The full version adds excellent features, but not necessary if you’re doing YouTube or social media work. There’s much more support for cinematic workflows with the full version and faster performance.
There are a few key differences between the free and Studio version. Studio supports more video formats (and completes 4Kp60 workflows), uses the GPU more efficiently, has more effects, and fully supports the product’s audio, color, and effects tools.
It’s not the price alone that has caused a mass adoption of the program, though. It’s the company’s approach to updates as well.
Blackmagic has never hesitated to put a feature into Resolve. The program has many options in contextual menus, user interface choices, menu items, keyboard shortcuts, and more.
There is so much here that it can be overwhelming. Finding the tool I want in a contextual menu is often the most challenging part of my editing. But if there’s something that can be done in video editing, a button, icon, or menu will probably perform the task.
Blackmagic also releases dot-versions (like 18.1) that sometimes add enough features that it acts like a full number upgrade would if it were released by Adobe or Apple. Some of the features in Resolve 18.1, for example, unleashed the wave of recent switchers.
Two significant features are buried in a list of around 20 new features in that update. The first is AI-driven Magic Mask tools that make masking people or objects a matter of drawing a line. The other prominent feature is voice isolation, another AI-based feature that removes noises from dialog tracks.
Magic Mask alone is worth the price of admission. This tool makes it easy to color-correct significant portions of a shot without doing endless mask adjustments, and it also allows for instant alpha channel creation, allowing for items like text, graphics or even people to be superimposed on the same scene without needing a green screen.
In noisy environments, this tool performs amazingly. I’ve used it to eliminate leaf blowers and lawnmowers in the background of outdoor shoots, and I’ve seen it used to cancel out hair dryers and drill guns in sample videos on some channels.
As mentioned, my conversion to Blackmagic Resolve began with my review of the Blackmagic Pocket Cinema Camera 6K and it continued when I asked Blackmagic to loan me the Speed Editor editing deck for review. The Speed Editor costs $295 and comes with a Resolve Studio license, making it worth the cost even if you barely use it.
The Blackmagic Speed Edit deck is an excellent piece of hardware, though many functions are out of my league. Buttons are arranged where a seasoned editor would. Cinematographers, especially those working on multi-cam shoots, will benefit from this editing.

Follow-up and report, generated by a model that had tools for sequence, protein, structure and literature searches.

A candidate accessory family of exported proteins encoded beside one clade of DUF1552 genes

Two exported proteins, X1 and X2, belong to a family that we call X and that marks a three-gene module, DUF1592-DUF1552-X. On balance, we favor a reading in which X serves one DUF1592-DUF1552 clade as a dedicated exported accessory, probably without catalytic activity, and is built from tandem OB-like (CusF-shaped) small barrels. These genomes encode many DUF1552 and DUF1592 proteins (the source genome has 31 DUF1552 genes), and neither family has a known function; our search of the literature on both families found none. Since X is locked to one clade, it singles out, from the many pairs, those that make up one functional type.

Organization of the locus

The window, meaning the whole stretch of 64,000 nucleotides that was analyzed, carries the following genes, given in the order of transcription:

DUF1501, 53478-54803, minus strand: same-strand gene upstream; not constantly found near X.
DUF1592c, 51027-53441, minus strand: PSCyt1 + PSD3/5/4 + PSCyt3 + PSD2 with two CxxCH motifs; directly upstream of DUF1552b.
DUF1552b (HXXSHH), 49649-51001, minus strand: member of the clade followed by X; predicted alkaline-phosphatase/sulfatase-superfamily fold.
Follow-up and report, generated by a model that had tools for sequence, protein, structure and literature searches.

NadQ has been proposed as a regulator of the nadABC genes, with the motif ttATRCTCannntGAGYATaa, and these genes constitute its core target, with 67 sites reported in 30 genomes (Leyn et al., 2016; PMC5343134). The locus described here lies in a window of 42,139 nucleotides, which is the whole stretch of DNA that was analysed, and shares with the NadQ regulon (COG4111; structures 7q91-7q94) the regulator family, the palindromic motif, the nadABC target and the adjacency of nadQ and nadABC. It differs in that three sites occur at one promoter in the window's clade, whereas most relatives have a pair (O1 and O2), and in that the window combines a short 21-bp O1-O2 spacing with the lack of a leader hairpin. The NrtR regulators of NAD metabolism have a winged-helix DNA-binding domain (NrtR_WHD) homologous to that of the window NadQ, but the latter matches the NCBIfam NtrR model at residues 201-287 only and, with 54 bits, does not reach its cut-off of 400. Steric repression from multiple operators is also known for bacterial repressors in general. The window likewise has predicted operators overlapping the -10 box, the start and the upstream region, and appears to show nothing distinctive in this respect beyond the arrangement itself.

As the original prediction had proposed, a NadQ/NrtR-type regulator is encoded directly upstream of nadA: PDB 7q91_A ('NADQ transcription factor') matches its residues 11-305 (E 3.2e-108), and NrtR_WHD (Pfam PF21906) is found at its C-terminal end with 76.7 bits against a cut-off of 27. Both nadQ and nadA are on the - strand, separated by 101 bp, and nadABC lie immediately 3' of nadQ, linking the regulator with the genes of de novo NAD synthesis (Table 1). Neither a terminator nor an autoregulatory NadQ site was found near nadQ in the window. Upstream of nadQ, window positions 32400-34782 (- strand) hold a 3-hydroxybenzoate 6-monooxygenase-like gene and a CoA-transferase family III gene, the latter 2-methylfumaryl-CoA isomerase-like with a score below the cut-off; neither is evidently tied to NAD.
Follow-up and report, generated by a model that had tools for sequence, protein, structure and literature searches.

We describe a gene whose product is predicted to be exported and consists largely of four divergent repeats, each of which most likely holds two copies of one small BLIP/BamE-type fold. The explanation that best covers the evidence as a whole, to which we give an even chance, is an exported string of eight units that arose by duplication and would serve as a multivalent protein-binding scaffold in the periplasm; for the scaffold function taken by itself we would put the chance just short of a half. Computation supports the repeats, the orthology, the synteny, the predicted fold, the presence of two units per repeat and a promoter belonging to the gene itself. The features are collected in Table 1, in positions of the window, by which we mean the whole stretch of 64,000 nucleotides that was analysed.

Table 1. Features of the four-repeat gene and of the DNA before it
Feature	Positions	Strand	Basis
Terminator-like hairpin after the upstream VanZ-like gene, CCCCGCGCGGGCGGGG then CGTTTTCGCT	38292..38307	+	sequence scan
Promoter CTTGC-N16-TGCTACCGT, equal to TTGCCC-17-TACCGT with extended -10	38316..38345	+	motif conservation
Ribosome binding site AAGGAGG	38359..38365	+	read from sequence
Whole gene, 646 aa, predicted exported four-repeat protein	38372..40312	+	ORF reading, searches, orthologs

Or at least that’s why my seasoned editor friend tells me. The unit feels odd in my hands because I don’t use most of the keys. One central portion of the Speed Editor is dedicated to switching between up to nine cameras, but the device has encouraged me to do more multi-cam shoots since the keyboard makes editing smooth.
The keyboard, which connects via USB-C cable or Bluetooth, is labeled with the essential editing functions, which is very helpful for new Resolve users. Instead of memorizing the location of essential keys on a standard keyboard, new users can look at the Speed Editor and focus on learning editing workflow instead of shortcuts.
On the other hand, many seasoned editors already know all the keyboard shortcuts on a standard keyboard and have made their custom keyboard configurations to support their editing style. Even though I’m a new Resolve editor, many tasks are performed the same as Final Cut, so I moved toward the regular keyboard shortcuts.
The Speed Editor is an excellent example of the complete Blackmagic ecosystem, which is why the free program and Studio are low-cost.
Blackmagic is using the age-old “give them the razor, and they’ll buy the blades” technique of sales. The Speed Editor is just one of the dozens of broadcast and cinema controllers the company offers, from audio and video converters to NAS systems to complete audio and broadcast engineering decks.
And, of course, the company makes what brought me into this ecosystem in the first place: a selection of video cameras that are affordable (for what they do) and work seamlessly with Resolve.
Mac, iPad, Windows
Blackmagic’s iPad version of Resolve is another incentive for editors looking for portable editing solutions. Still not as powerful as a desktop system, Resolve for iPad brings at least a consistent editing interface to those making their content on mobile devices.
I do most of my mobile content on my iPhone because it’s connected to my social accounts, and I often capture footage on my phone. I can use an iPad when I travel and not rely on various third-party video editors and their various interfaces.
Resolve’s ability to work with projects in the cloud means that Resolve desktop editors can pick up their iPads and pick up right from where they left off.
The fact that Resolve (like Premiere) is available on Mac and Windows is a significant advantage over Final Cut Pro. I can cut my videos regardless of what systems I find myself using and it also lets me collaborate with other editors in the same way.
Lighting a Flame
Now that Adobe is basically publicly admitting it is behind the competition as far as features and stability are concerned, it will be interesting to see how quickly that behemoth can spark interest in Premiere again.
Blackmagic has added several artificial intelligence (AI)-driven features that have accelerated the adoption rate, but Adobe has led the imaging market in AI. Photoshop’s most recent innovations have been built on Adobe’s Sensi AI engine and it just added more to Lightroom. Additional features are coming across the company’s suite of apps thanks to the Firefly generative AI.
Rapid stability and speed improvements combined with cutting-edge AI features are enough to stop the flow of switchers. Still, Blackmagic has a head start and a collection of gear that integrates nicely into one ecosystem.
Final Cut Pro, meanwhile, seems to languish at the hands of Apple, who probably realizes that it will sell Macs regardless of whether they bring updates to Final Cut Pro. Apple will regularly talk about the speed of Resolve rendering on its new machines.
No market stays dominated by one player forever (as the mirrorless market has taught us) and the new competitive nature of Adobe and Blackmagic will bring users a stream of improvements for some time to come.
Author’s Note: Just after finishing this article, Blackmagic announced a new version of Resolve, which adds several compelling features including transcriptions, subtitles, and the ability to edit clips by selecting text.
These additions reinfore the point that the company is adding new features at a very rapid pace.